U.S. soldiers help to create goodwill within the hearts of Iraqis by volunteering their spare time to help families in need who are faced with chaos and hardship every day. The Civil Military Operation Center in Baghdad helps 1,000 Iraqis each month mostly with medical treatment, dental assistance or legal aid. When visitors leave the center they are carrying packages donated with food, clothes, toys, hygiene products and school supplies.
Located on the grounds of one of Saddam Hussein’s former palaces, the center is highly secure, which is one reason it is frequented by Iraqis. Children can play freely in the courtyard’s playground, while their parents seek treatment or advice. This is where you’d likely find 1st Lt. Christine Anouchian, 24, of Glendale, Calif, (right) who visits the center at least once a month…
The Air Force intelligence officer plays with the children and brings them candy and other goodies that are shipped to her from her home base in Japan.
“I like to be able to give to the children, who will be shaping Iraq’s future, and let them know that we’re here to help,” Anouchian said.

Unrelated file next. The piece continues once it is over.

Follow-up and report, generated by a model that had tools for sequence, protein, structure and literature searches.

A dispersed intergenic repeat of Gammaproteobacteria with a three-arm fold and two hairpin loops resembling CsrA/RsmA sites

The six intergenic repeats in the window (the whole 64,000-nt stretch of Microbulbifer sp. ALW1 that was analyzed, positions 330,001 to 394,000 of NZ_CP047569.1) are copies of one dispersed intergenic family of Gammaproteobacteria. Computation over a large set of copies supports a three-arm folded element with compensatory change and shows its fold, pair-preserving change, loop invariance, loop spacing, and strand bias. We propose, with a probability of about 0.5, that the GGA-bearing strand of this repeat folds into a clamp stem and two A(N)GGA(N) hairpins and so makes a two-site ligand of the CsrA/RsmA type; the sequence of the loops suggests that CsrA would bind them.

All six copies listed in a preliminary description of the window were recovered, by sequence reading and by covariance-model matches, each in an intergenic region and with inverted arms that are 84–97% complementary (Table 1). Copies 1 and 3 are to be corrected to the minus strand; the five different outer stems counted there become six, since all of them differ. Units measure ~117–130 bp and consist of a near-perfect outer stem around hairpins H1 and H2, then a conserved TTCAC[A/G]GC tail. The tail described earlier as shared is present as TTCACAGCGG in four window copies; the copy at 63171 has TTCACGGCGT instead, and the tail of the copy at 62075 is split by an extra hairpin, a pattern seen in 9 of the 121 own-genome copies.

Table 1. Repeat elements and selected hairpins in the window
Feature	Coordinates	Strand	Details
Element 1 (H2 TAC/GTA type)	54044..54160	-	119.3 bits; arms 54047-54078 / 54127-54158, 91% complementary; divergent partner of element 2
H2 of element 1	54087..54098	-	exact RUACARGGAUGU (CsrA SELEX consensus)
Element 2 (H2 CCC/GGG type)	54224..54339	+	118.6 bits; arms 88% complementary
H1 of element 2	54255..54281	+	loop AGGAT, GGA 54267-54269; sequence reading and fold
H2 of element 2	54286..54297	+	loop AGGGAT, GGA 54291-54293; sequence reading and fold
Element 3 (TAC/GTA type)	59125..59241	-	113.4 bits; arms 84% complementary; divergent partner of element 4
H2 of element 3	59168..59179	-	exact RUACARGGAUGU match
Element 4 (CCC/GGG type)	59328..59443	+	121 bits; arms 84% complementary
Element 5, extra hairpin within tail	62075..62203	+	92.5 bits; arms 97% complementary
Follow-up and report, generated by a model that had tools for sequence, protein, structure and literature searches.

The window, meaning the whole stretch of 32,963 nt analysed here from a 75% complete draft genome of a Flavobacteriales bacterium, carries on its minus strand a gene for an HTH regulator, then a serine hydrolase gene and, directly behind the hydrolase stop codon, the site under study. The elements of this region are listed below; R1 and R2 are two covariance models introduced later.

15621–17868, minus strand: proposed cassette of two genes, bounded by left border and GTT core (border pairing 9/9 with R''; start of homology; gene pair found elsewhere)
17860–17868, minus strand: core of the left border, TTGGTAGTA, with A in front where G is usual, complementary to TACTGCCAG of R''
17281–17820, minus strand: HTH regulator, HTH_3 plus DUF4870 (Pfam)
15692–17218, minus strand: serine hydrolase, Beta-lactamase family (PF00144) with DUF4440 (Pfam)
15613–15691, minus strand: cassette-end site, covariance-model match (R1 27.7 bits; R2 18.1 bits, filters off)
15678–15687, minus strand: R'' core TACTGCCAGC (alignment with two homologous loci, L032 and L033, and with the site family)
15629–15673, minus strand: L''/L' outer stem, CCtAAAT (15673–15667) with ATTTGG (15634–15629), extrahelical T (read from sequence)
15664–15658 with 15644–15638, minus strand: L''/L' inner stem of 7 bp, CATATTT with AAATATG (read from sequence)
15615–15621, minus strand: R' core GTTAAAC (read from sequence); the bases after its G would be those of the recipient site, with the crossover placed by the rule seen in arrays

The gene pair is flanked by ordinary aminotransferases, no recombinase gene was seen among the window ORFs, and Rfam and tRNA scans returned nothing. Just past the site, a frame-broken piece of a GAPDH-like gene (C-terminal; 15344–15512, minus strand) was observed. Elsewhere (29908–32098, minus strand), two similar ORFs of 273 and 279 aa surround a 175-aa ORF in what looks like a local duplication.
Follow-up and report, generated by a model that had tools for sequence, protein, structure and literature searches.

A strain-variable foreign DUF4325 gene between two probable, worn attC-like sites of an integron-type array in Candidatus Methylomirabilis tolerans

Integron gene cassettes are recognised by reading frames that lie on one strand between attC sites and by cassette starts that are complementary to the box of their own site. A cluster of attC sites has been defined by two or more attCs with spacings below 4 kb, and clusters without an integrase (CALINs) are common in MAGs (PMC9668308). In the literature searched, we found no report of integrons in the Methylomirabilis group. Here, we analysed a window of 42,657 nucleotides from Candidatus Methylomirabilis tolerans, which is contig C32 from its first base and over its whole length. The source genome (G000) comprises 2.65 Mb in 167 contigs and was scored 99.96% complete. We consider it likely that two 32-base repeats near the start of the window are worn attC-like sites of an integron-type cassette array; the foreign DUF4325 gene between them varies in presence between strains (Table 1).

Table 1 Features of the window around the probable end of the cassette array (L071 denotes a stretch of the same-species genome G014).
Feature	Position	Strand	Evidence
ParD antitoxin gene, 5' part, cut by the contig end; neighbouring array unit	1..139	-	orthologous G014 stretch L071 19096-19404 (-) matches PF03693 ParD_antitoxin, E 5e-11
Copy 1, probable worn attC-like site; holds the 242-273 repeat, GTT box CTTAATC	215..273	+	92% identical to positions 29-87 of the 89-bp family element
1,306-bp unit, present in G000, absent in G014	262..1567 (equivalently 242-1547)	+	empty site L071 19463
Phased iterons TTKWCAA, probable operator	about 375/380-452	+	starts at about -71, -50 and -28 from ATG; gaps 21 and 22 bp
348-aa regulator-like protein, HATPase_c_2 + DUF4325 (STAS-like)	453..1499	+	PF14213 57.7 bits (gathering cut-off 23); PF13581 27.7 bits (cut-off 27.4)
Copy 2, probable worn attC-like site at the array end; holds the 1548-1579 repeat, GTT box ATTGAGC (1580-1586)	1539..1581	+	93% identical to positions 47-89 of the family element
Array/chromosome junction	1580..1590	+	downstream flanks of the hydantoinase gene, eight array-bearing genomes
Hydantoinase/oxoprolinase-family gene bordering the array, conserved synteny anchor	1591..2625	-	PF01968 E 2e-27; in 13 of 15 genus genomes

Several Soldiers help at the clinic daily. In addition to Army doctors and legal assistants, the CMOC staff welcomes all who want to volunteer. Many service members receive boxes from home and bring them to the clinic because they know the items are making a difference, said Sgt. Juan Perez, the noncommissioned officer in charge.
Jennifer Hornaday, 23, accompanies an Iraqi girl down a slide at the Civil Military Operations Center, where she volunteers her time. The Charlotte, N.C., native works for the Department of Defense as an administrative manager. (Photo by Spc. Laura M. Bigenho; 28th Public Affairs Detachment.)
The center works closely with the Government of Iraq to help as many Iraqi citizens as possible. Perez described a man who showed up recently who could barely walk. Air Force doctors at the clinic performed an eight-hour surgery on him. Afterwards, the tearful patient thanked Perez and the doctor with hugs.
“When we help a person who couldn’t find help for months, (the Iraqis) know we are really here to help them,” Perez said. “I feel proud of what we’re doing here.”
Christine always invites her fellow service members to volunteer and she wishes more people knew about the CMOC. She wants to encourage people to contact her if they want to help. The center is in special need of vitamins, lotions, shampoos and hygiene items, she said.
To help, contact the multi-national corps chaplain by e-mail (replace the words "at" and "dot" with the appropriate e-mail symbols):
HeartsForBaghdad (at) iraq (dot) centcom (dot) mil
OR, MAIL DONATED ITEMS TO:
Attn: Hearts for Baghdad
APO AE 09432
Original story by Spc. Laura M. Bigenho, 28th Public Affairs Detachment in Iraq, edited by GNN-i